But trying to talk about all that in America over the last two decades, I’ve learned from experience, has been like touching the proverbial third rail: only tourists would be dumb enough to try it. Even gun control advocates now think they’re dealing with an intractable, generational problem. Many tell me that we need to tackle mental health services or gun fetishization in Hollywood movies first. The legislation route couldn’t possibly be that easy, they say.

But what if it is that easy? What if the rest of the world also loves Hollywood action movies and has mental health problems, but manages to have fewer shootings simply because it has fewer guns available? What if the rest of the world has been shouting at America for years that gun control is less intractable than you think — you just have to vote in large numbers for the politicians that favor it, and keep doing so at every election?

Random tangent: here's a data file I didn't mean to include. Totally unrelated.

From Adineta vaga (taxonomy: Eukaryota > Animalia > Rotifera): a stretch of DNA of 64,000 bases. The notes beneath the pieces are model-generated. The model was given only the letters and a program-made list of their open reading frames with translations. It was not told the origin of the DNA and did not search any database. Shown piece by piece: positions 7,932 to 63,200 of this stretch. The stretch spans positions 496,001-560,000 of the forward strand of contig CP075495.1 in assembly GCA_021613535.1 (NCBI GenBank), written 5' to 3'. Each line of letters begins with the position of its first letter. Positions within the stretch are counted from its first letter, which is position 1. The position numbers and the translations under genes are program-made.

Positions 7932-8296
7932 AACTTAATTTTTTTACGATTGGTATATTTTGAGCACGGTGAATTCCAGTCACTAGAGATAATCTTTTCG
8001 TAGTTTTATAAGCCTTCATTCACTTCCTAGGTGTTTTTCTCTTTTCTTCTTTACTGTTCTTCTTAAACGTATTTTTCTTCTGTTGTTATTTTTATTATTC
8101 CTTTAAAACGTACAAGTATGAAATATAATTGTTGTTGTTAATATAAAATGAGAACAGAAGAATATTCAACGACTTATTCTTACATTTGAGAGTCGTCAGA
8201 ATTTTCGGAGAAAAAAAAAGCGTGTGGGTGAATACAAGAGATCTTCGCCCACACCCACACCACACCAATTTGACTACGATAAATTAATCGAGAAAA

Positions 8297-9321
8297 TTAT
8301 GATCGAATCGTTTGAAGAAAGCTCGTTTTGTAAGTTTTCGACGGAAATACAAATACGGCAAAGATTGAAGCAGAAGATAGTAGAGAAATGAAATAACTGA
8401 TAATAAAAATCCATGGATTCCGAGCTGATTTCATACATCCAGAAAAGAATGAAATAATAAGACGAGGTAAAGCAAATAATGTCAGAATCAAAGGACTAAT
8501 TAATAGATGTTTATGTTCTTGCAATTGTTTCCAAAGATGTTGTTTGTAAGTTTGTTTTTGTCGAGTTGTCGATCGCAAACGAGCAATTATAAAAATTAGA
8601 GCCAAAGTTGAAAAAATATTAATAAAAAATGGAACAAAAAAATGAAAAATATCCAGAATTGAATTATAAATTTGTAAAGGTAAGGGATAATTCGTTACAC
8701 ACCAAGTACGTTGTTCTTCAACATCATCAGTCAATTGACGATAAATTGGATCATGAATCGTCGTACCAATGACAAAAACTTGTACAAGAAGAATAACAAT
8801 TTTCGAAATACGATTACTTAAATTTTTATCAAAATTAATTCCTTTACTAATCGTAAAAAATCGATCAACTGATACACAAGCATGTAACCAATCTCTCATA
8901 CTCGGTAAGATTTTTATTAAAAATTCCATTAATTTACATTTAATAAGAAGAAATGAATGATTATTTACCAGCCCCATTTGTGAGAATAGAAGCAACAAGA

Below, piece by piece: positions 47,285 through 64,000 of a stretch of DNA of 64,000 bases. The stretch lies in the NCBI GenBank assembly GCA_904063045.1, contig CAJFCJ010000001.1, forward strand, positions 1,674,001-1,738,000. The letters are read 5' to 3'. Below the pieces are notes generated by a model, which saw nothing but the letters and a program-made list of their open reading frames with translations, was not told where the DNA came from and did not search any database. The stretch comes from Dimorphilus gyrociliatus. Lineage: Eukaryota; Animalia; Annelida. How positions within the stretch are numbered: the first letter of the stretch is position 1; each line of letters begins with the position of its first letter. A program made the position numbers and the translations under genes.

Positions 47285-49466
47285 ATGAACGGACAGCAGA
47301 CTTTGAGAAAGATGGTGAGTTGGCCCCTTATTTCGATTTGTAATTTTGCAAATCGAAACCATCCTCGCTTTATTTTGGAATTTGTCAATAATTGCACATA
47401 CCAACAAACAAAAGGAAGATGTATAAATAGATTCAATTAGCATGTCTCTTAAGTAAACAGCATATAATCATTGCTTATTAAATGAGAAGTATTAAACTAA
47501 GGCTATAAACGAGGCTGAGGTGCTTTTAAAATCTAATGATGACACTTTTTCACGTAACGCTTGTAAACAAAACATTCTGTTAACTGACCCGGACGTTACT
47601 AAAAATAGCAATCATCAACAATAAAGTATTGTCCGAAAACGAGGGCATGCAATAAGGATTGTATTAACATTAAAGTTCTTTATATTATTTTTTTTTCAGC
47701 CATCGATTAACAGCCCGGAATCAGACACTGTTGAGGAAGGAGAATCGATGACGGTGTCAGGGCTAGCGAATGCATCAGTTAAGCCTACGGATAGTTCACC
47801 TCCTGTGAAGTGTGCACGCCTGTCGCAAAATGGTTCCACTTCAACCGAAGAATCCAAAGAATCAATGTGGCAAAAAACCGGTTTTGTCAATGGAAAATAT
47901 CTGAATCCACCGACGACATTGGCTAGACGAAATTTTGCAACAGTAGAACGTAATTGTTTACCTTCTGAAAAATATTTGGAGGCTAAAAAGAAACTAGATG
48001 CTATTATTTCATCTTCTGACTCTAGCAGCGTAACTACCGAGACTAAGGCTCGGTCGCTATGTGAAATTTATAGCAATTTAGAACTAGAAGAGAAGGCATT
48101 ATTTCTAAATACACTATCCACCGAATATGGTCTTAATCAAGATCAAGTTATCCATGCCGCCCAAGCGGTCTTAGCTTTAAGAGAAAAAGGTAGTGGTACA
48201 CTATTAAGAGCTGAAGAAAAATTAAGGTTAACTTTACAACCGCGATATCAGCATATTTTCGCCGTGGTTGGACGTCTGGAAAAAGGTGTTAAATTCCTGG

If that’s the case, then perhaps some powerful, leveling international marketplace of ideas could help the U.S. see what everyone else has already seen. Something like social media. 

In one sense, Wednesday’s massacre in Parkland, Florida — a school shooting as shocking and senseless as Dunblane —  was evidence that America was further away from a gun control solution than ever. In 1996, buying an AR-15 assault rifle was illegal under federal law. Now, in Florida and many other states, a 19-year old can walk into any gun store and walk out with this military-grade weapon of mass destruction.